A lot of casual boxing fans probably don’t understand what all the fuss is about when it comes to weight limits and catchweights.
Many fans think if a fight is supposed to happen at 154 pounds, both fighters come into the ring at 154 pounds, but that isn’t the case. The weigh in is always done the day before the fight in the middle of the afternoon.
Canelo Alvarez stepped on the scale for his bout against Austin Trout at exactly 154 pounds, by the time he stepped into the ring against Trout he had “rehydrated” to almost 175 pounds. In essence, he went from a Junior Middleweight to a Light Heavyweight overnight.
If there is one reason why some will pick Canelo over Mayweather it will be because of the sheer size difference. Mayweather is a small welterweight and an even smaller Junior Middleweight. The contractual limit for this fight 152 pounds, I would be shocked if Mayweather stepped into the ring over 155 pounds.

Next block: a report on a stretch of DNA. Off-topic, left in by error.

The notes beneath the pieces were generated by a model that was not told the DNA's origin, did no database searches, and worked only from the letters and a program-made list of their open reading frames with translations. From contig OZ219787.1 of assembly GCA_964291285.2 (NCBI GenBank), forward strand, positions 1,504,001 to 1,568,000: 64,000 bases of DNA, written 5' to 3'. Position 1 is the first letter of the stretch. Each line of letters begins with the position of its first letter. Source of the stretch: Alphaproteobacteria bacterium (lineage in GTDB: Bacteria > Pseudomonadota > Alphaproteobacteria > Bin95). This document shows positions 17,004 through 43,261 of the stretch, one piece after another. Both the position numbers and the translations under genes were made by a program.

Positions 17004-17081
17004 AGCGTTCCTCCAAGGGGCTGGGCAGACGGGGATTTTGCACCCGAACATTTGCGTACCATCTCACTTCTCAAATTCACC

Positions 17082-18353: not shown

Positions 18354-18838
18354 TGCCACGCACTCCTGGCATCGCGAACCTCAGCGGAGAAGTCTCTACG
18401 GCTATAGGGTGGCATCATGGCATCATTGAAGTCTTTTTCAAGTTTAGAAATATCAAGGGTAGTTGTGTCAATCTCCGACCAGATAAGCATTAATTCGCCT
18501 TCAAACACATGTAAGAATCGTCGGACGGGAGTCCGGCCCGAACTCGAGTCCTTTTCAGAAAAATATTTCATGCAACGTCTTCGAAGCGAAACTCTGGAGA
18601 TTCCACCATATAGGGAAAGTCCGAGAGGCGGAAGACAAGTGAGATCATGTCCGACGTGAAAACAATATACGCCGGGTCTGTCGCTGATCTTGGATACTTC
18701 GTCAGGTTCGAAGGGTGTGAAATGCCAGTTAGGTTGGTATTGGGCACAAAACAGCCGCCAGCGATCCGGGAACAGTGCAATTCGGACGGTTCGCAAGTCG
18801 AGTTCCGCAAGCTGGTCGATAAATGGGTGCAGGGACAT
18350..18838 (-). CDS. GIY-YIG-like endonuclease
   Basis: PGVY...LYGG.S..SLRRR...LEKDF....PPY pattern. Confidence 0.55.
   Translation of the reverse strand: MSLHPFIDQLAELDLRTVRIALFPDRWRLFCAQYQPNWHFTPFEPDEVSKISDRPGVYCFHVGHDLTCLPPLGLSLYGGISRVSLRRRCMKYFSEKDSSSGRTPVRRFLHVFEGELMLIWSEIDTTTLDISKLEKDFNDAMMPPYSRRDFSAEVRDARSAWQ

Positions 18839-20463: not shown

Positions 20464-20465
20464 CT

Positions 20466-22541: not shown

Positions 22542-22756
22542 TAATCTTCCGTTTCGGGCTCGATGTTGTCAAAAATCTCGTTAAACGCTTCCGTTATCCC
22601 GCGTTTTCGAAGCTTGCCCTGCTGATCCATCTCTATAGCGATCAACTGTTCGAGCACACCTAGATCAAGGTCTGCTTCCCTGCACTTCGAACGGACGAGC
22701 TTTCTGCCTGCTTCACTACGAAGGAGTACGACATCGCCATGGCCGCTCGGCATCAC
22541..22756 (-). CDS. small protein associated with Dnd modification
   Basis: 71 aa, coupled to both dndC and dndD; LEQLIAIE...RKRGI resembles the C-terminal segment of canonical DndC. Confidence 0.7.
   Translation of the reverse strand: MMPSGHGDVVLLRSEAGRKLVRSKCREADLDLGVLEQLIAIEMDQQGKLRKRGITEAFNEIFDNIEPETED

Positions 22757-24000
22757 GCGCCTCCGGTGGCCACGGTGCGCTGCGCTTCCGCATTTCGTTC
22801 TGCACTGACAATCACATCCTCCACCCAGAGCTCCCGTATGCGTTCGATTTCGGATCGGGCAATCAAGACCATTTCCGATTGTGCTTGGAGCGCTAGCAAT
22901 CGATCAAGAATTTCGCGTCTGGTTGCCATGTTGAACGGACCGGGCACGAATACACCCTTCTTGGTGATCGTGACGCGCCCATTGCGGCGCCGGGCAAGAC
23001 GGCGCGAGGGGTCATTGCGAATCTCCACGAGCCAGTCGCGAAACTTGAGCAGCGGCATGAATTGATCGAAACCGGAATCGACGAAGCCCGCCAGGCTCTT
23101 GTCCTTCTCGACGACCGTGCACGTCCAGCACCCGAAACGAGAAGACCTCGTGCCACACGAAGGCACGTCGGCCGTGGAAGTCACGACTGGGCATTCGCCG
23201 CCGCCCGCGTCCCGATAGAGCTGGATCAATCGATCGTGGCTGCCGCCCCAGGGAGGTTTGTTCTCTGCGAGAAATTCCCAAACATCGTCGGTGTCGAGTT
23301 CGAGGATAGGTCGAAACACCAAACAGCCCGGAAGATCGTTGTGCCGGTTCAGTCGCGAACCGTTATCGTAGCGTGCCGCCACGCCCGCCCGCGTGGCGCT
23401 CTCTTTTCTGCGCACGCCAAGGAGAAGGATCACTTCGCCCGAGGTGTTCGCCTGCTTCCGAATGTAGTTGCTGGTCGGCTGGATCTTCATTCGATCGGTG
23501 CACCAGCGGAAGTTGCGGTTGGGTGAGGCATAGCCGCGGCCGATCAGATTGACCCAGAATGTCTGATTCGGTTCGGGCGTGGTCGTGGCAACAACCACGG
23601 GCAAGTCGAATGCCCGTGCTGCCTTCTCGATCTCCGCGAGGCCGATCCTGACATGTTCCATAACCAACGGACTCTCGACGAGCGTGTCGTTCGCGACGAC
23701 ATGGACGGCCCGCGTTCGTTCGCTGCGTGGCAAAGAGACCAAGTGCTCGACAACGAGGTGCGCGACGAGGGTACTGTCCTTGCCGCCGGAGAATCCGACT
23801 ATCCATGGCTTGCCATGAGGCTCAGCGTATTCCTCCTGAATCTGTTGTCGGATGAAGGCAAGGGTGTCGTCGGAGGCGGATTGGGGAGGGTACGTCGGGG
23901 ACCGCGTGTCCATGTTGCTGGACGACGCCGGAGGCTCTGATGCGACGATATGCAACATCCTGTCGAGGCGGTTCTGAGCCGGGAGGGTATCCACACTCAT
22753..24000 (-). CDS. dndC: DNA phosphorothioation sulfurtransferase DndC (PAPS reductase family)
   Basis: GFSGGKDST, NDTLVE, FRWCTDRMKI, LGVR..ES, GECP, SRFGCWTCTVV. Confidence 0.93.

It is possible that Canelo will have a 15-20 pound weight advantage on fight night, so it is a little surprising that Mayweather didn’t demand a rehydration clause for Canelo.
The September 14th fight between WBA/WBC junior middleweight champion Saul “Canelo” Alvarez (42-0-1, 30 KO’s) and unbeaten Floyd Mayweather Jr. (44-0, 26 KO’s) will have no rehydration clause in the contract for their catch-weight fight at 152 pounds, according to Steve Kim.
Golden Boy Promotions CEO Richard Schaefer is saying that the rehydration clause wasn’t included. What this means, of course, is that Canelo can rehydrate as much as much as he wants.
Mayweather is still the favorite, but he will be the smaller man by a large margin come fight night.